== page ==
Joe Holley is a writer here in Texas with a background in newspapers and magazines right up to his own books. He writes the feature column Native Texan in the Houston Chronicle about Texas places and people and history, and today he started off referring to “The Captured,” a history of frontier Texas telling the story of Anglo children captured by Indians in the late 19th century. He uses it to touch on the harshness of life on the Texas frontier in those days, facing not only the Natives but the constant threat of disease, and outlaws, you name it. And yet, Holley says,
…it’s only today’s Texas, our Texas, that experiences mass shootings in a suburban high school, in churches, a Walmart, an Army base, the streets of Midland-Odessa, a Luby’s Cafeteria and a small-town elementary school. Our frontier forebears, whatever their own travails, would have been aghast, unbelieving.
I’m wondering, why aren’t all of us today just as aghast and unbelieving? Sure, with each new horror we mumble some hopefully appropriate words to express shock and disbelief, but are we really so surprised? I mean, it just keeps happening, over and over again; can we really still be shocked, and really feel the emptiness in the pits of our stomachs that we ought to feel when innocent children are massacred with weapons meant for war on the battlefield? This time, in Uvalde, it was fourth graders…nine and ten year olds; it was six-and-seven-year olds in Sandy Hook in Newtown, Conn. ten years ago. The Washington Post chose the almost arbitrary starting point of the Columbine shootings in 1999 and calculates that more than 311,000 American children, at 331 schools, have been exposed to gun violence at school in those years. All the students in that time, right up through today’s college graduates, have normalized the grotesque concept of the active shooter drill as just a part of life.
Why would a person take a gun to a school and open fire at…some kids, ones they often don’t even know? Why did I take a magnifying glass to school in the fourth grade and focus sunlight to burn holes in a classmate’s sweater I found hanging on a fence at recess? Same response to both questions: who knows? Short of finding that answer, we should be doing something to try to reduce the chances of our schools become killing grounds, and of our own children and those of our friends and neighbors becoming one of those small images in a large collection of class photos that identify the dead.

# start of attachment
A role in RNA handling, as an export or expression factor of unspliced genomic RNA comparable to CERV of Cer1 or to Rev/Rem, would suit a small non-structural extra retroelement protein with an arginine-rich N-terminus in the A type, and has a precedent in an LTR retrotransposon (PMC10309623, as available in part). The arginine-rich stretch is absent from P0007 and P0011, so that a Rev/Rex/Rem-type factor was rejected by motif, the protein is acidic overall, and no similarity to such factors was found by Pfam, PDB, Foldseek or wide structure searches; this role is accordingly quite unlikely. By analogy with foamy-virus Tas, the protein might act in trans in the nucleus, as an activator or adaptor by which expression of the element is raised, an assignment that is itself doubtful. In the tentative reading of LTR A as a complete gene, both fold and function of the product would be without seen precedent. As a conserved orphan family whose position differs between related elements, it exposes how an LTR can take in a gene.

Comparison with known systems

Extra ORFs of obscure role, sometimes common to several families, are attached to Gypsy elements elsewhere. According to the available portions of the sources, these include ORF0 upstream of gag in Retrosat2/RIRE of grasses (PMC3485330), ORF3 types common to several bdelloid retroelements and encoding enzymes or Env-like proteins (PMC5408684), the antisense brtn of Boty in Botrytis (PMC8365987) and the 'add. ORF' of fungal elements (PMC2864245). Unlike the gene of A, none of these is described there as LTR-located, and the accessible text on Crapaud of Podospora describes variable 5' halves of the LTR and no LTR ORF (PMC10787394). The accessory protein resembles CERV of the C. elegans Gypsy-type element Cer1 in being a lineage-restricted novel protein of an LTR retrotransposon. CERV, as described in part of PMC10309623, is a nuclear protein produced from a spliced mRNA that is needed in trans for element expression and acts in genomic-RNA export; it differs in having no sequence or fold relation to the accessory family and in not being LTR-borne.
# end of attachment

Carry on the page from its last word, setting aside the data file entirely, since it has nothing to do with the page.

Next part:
Holley recalls the 1937 natural gas explosion that killed some 300 students and teachers in New London, Texas, and that the Texas Legislature and then Congress responded to that by requiring the “odorization” of natural gas so future leaks could be detected before they became catastrophes. What can we, through our elected representatives, do now to make a meaningful change in the normal course of business that will better protect our children’s lives when they simply go to school?
Among the common sense suggestions I’ve read since last week – and not that it hasn’t been suggested before – is that we stop letting children buy these guns legally. Our laws prohibit those under age 21 from buying alcoholic beverages; why not guns, too? Connecticut Sen. Chris Murphy, who’s been working on gun restriction legislation since he represented Newtown in the House of Representatives, argues that “most of these killers tend to be 18, 19 years old.” and PolitiFact has rated that claim as Mostly True: “That’s largely accurate when looking at school shootings alone, according to a Washington Post database of school shootings since 1999. The database did include shootings that did not result in a death, and the share of teenagers committing mass shootings overall is smaller.”
Also judged to be Mostly True is the assertion last week by Golden State Warriors coach Steve Kerr, that “90% of Americans, regardless of political party, want universal background checks.” PolitiFact finds that “For years, polls have shown a majority of Americans support gun background checks for all buyers. Some polls show overall support in the ballpark of 90%. Support is lower among Republicans (emphasis added), but polls still indicate majority backing” for a review designed to make sure that guns are not being sold to people who are not permitted under law to possess guns, people who have been “convicted of a serious crime or committed to a mental institution.”
No right guaranteed under the United States Constitution is absolute. The law recognizes, even when some Americans don’t or won’t, that rights come with some limitations. Even your right to life is not absolute, not if you are convicted of committing a crime for which the approved punishment is the loss of your life. Your right to be free of government censorship of your expression of your thoughts and feelings doesn’t mean your speech can endanger the health and safety of others with impunity. And none of us has an unrestricted right to gun ownership.
Sigh. Continuing on…
What if there was a National Rhetoric Association that pushed an interpretation of the Firs… twitter.com/i/web/status/1…—
Tom the Dancing Bug, by Ruben Bolling (@RubenBolling) May 25, 2022
Please, let’s get creative. Adding mercaptan to AR-15s won’t stop school shootings, but expanding background checks and limiting gun ownership by minors will help. We’ve got to find something else that will make a difference. We can’t just accept that this is the way things have to be, and there’s nothing we can do. I don’t want to settle for the situation Holley found himself in as he finished up his phone call with the Uvalde County Judge, Bill Mitchell:
When it came time to hang up, I tried to tell him how sorry I was. My voice broke. So did his. Perhaps for both of us, the faces of those little kids swam into view.
We were two men of a certain age. We’ve seen much over the years. Words failed us.